‘Oh fuck! Christ!’ he stumbled, ‘I’m sorry, mate. I didn’t realise. Fuck! What happened?’ He collapsed onto a nearby stool, wiping his face with a stained bar napkin. Later he bought us all drinks and spent the night apologising and toasting the health of my eye. Result!
Thank goodness and touch wood, my eye has remained stable. Both of them are crisscrossed with scars but they are mostly tucked behind my eyelids so aren’t visible. I’m pretty good at being thankful I can see most days, and am conscious how precious and fragile sight is. The adventures of my eyes has given me lots of anecdotes to reel out at dinner parties. My favorite is the story I tell about the day I returned from hospital. Even now my dad blanches when I talk about it.
Because of my dad’s Very Important Job and my mum’s fuckwittage, I had to take the train back, on my own. I still can’t believe that. I’d only had surgery a week before and everything was very skew-whiff. I couldn’t wear my contact lens and had forgotton my glasses. Moorfields had provided me with the most soul-destroying plastic, turquoise blue NHS child’s glasses. Not only were they too small they lurched at an angle as they hasn’t been properly fitted. Blinking in the light after weeks in hospital, my dad escorted me to the station.
We were running a bit late and my dad hurried my through to the platform. The train was just about pull away. I slowed down, panting.
‘Ah we’ve missed it,’ I said, stopping and trying to catch my breath, ‘don’t worry, there’s another one in twenty minutes.
‘No don’t be silly! I can’t wait, I’ve got a meeting,’ my dad said, and holding my arm, he ran with me along the side of the train. To this day, I can’t believe this actually happened…
Pulling the door open, still running, he lifted me up and tried to throw me into the moving carriage. Whirling my arms with my foot on the step of the door, I felt myself falling backwards. Three men in the carriage jumped to their feet and grabbed my arms, dragging me inside. Sweating, with my heart pounding, I collapsed into my seat. I pushed my hideous glasses back up my nose with a shaking hand. I exchanged nods with the men who had saved my life before looking out of the window. As the train gathered speed and drew away, I squinted back at my dad: he was white-faced and shouting, he still had my train ticket in his hand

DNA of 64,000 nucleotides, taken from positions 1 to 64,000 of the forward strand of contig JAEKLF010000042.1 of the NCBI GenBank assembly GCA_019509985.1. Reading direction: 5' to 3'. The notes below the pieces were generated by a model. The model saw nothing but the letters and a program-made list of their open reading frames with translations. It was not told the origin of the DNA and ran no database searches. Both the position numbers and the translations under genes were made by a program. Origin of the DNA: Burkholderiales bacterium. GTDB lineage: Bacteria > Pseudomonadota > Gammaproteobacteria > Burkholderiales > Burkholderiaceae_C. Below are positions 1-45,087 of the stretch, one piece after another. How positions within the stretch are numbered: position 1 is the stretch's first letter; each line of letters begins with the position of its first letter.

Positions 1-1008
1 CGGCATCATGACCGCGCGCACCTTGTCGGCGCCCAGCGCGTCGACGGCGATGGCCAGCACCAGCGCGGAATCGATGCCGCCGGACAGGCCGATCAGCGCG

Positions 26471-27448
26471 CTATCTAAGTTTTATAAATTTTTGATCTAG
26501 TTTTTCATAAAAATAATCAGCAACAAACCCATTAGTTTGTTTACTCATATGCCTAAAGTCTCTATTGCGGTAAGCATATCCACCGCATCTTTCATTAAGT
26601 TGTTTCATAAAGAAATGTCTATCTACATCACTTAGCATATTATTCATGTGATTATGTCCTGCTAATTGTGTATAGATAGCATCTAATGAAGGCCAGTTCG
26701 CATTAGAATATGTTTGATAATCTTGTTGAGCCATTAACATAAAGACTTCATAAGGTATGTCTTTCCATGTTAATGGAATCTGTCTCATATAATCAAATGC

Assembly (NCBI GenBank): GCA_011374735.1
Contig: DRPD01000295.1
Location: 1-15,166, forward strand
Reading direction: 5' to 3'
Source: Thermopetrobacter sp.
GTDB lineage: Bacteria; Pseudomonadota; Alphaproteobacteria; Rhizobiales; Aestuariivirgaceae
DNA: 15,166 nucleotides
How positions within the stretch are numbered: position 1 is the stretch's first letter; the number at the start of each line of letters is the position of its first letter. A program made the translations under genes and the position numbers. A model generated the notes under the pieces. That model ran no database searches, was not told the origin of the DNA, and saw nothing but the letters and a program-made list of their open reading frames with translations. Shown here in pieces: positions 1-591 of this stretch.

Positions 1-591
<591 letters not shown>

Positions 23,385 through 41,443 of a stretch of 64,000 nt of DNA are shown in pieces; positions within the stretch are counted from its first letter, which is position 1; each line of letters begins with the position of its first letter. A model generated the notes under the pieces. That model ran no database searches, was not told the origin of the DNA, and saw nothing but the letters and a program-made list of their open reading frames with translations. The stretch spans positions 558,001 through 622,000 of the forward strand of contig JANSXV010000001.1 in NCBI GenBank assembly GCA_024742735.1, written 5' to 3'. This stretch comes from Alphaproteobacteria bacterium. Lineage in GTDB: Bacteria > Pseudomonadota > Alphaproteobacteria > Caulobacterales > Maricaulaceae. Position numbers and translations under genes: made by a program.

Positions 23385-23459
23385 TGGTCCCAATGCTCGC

Apart from walking into things that are on my right the only time I really notice my eye problem is when I go to the cinema and realise it’s a 3-D film. This is a pain as, obviously, I can’t see in 3-D. The glasses don’t work, so I just sit looking at a fuzzy screen while everyone else oohs and ahhs, dodging 3-D animations and projections. I sit there frowning with my arms crossed.
So I can’t complain. It could have been so much worse. Thanks to the amazing NHS which ensured I had free point of use care from the very best specialists in retinal detachment treatments; for funding the equipment and research at Moorfields; and paying the salaries of all the Doctors and Nurses who made sure I didn’t go blind permanently.
PS: Had to add this Twitter development to my story! How embarrassing but how wonderful.